Miscellaneous Comments About Intelligent Design

The more things change the more they stay the same. I mention this because I was perusing a book on creationism published in 1876. The book was written by Thomas Wharton Jones and is called Evolution Of The Human Race From Apes and Of Apes From Lower Animals A Doctrine Unsanctioned By Science. The quote below is from the “advertisement”:

In conclusion, let it be observed that, in contesting the scientific soundness of the Doctrine of Evolution, and arguing for the reasonableness of the common belief that all things were created by design and for a purpose, I necessarily refer to the Creator’s wisdom and power, but I abstain from any theological discussion. Even if the conditions under which my Lectures were delivered had permitted, it would have been out of place to introduce Theological arguments, seeing that my aim was, as already intimated, simply to combat the claims set up for the scientific validity of the Doctrine of Evolution not supererogatorily to defend Revelation.

Nope, can’t discuss the designer back in 1876 and can’t discuss the designer now…
Then there is Denyse O’Leary. Denyse is claiming, hold on to your butts for this one, that David Raup is some kind of sneaky ID mole in the Darwinian Evil Empire. This makes me giggle, but isn’t really what I wanted to talk about. Denyse is also claiming that textbooks don’t discuss extinction. Yet Raup discusses extinction in the textbook he co-wrote with Steven Stanley, as does Futuyma’s Evolutionary Biology, Ridley’s Evolution does, and so does Young’s The Life of Vertebrates, Freeman and Herron’s Evolutionary Analysis, and Wicander and Monroe’s Historical Geology: Evolution of the Earth and Life Through Time. One wonders what textbooks O’Leary has actually read…

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14 Responses

  1. O’Leary doesn’t read textbooks. She looks at the cover then decides it says what she wants it to say.

  2. O’Leary doesn’t read textbooks. She looks at the cover then decides it says what she wants it to say.

  3. Be fair, some things do change. Thomas Wharton Jones was a much better writer than Denyse O’Leary.
    Bob

  4. Be fair, some things do change. Thomas Wharton Jones was a much better writer than Denyse O’Leary.
    Bob

  5. Be fair, some things do change. Thomas Wharton Jones was a much better writer than Denyse O’Leary.
    Bob

  6. she has read “how to lie for Christ”–author unknown

  7. Reading the convoluted, distorted and duplicitous writing style you used as a quote, I am forced to conclude that Thomas Wharton Jones is a direct lineal ancestor of one William A. Dembski.
    I wonder if there is there anyway of tracking how often he brought out his crazy on Fridays?

  8. Things seem to go in cycles. In 1876 and 2005, it was improper to mention the identity of the designer. But in 1908 it was perfectly acceptable, and ID supporter John Phin wrote:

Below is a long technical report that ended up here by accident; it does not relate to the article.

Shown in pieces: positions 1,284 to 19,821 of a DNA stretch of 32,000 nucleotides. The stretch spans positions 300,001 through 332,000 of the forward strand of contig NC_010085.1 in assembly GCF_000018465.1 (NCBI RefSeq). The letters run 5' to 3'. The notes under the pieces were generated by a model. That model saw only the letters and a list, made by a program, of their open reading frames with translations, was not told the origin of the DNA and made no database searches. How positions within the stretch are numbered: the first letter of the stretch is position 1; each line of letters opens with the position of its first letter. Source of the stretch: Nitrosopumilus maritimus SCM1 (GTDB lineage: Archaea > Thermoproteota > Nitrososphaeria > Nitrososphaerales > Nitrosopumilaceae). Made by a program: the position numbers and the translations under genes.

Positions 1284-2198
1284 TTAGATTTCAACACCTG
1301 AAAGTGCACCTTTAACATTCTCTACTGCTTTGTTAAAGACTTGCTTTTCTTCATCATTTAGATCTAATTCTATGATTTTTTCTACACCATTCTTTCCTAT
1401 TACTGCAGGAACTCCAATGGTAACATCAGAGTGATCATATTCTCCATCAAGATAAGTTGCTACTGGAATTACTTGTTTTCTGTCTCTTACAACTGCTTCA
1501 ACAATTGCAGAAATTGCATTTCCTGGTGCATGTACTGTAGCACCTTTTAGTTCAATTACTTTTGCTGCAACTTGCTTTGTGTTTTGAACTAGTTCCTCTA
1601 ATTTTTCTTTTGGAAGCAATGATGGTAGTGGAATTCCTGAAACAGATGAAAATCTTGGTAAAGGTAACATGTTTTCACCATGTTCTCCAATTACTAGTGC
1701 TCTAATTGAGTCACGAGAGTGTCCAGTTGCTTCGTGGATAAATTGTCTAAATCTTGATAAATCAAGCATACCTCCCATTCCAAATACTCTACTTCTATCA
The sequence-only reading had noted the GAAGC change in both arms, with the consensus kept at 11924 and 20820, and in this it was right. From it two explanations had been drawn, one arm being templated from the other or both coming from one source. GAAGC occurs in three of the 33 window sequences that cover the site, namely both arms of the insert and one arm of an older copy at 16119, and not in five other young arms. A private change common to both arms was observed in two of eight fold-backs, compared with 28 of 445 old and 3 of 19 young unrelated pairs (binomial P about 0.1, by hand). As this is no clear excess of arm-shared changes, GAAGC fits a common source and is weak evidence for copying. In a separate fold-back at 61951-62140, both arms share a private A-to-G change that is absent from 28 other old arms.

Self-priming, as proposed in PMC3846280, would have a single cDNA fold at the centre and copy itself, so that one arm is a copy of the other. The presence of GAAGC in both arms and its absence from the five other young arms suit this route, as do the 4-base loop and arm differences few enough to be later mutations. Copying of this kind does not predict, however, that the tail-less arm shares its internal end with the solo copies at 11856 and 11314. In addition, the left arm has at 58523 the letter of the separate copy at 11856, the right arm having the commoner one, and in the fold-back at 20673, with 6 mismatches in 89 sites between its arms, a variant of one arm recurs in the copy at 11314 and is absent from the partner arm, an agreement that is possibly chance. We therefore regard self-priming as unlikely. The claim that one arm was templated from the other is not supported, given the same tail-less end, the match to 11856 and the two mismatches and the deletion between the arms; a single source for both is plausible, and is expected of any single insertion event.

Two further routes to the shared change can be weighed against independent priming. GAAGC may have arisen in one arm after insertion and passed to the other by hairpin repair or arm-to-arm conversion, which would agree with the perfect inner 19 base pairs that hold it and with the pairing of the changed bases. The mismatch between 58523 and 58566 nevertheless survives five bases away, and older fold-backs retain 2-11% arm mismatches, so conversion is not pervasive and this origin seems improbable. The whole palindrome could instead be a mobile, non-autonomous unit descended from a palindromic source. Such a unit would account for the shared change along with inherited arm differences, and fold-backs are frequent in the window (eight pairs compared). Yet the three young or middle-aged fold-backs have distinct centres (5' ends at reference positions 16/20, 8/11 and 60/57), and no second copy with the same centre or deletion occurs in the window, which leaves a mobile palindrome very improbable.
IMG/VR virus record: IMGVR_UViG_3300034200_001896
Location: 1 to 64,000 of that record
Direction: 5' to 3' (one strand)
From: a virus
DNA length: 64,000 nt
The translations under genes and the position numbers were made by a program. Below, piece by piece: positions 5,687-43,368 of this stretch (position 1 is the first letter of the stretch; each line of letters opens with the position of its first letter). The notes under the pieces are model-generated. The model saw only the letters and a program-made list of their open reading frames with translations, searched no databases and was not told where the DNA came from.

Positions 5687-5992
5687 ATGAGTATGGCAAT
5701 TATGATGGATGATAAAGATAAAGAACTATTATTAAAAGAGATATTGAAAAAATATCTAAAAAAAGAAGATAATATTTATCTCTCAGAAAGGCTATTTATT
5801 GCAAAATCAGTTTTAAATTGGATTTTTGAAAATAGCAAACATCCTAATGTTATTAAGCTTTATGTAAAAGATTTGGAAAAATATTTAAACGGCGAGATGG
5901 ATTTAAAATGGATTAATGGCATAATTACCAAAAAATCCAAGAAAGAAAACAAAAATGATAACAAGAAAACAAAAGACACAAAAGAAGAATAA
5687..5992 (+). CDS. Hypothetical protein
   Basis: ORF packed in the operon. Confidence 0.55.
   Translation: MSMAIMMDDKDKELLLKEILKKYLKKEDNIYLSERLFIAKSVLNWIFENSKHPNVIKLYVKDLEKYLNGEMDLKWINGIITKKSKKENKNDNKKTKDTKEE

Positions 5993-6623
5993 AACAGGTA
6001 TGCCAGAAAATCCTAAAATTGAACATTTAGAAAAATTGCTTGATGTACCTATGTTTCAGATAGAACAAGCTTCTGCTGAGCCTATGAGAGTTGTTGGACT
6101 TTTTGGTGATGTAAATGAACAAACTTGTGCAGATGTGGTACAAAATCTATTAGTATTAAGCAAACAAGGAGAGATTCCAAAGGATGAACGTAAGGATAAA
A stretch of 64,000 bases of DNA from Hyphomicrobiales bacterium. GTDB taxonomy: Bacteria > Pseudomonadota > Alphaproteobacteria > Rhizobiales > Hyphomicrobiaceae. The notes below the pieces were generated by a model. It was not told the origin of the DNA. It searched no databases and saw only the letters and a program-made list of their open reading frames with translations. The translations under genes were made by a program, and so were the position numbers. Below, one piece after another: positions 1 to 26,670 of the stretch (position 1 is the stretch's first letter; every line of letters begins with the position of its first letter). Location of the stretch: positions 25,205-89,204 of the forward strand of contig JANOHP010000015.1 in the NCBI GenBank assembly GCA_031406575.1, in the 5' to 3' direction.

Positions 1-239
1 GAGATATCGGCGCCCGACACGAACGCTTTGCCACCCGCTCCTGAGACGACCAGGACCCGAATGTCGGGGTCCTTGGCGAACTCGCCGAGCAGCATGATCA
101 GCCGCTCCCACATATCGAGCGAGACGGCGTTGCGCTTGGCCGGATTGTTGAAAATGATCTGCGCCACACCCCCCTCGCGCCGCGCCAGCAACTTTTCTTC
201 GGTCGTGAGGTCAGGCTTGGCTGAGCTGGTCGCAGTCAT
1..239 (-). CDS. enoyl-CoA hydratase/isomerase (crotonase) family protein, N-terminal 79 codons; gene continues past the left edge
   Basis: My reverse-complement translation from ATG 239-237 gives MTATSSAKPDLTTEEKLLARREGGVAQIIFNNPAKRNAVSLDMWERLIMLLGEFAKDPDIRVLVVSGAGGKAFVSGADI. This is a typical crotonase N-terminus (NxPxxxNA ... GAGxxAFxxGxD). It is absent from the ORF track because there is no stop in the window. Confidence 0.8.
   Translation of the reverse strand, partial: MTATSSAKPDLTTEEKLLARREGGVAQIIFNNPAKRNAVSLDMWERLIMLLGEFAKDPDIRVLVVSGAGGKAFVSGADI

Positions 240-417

But on the other hand it must be equally obvious that if we find strong and unmistakeable evidence of intelligent and controlling design in the earliest stages of the development of this planet, that evidence applies with equal force to the existence of a designer, or in other words, to the existence of a personal God.

    And just last weekend, Jay Richards of the Discovery Institute, in debate with famous atheist Christopher Hitchens was openly pontificating about a “creator God.” Why the Stanford IDEA Club would invite a famous atheist and non-scientist to debate the scientific evidence for Intelligent Design is another question.

  9. Things seem to go in cycles. In 1876 and 2005, it was improper to mention the identity of the designer. But in 1908 it was perfectly acceptable, and ID supporter John Phin wrote:

    But on the other hand it must be equally obvious that if we find strong and unmistakeable evidence of intelligent and controlling design in the earliest stages of the development of this planet, that evidence applies with equal force to the existence of a designer, or in other words, to the existence of a personal God.

    And just last weekend, Jay Richards of the Discovery Institute, in debate with famous atheist Christopher Hitchens was openly pontificating about a “creator God.” Why the Stanford IDEA Club would invite a famous atheist and non-scientist to debate the scientific evidence for Intelligent Design is another question.

  10. Things seem to go in cycles. In 1876 and 2005, it was improper to mention the identity of the designer. But in 1908 it was perfectly acceptable, and ID supporter John Phin wrote:

    But on the other hand it must be equally obvious that if we find strong and unmistakeable evidence of intelligent and controlling design in the earliest stages of the development of this planet, that evidence applies with equal force to the existence of a designer, or in other words, to the existence of a personal God.

    And just last weekend, Jay Richards of the Discovery Institute, in debate with famous atheist Christopher Hitchens was openly pontificating about a “creator God.” Why the Stanford IDEA Club would invite a famous atheist and non-scientist to debate the scientific evidence for Intelligent Design is another question.

  11. There’s a post queued up, waiting for approval.

  12. There’s a post queued up, waiting for approval.

  13. There’s a post queued up, waiting for approval.

  14. I guess I was just to thick to recognize Raup’s ingenious plan–instead, my interest in evolution was fueled all the more by using his text in college. I wonder if my paleontology prof was also a mole for the Creationists.

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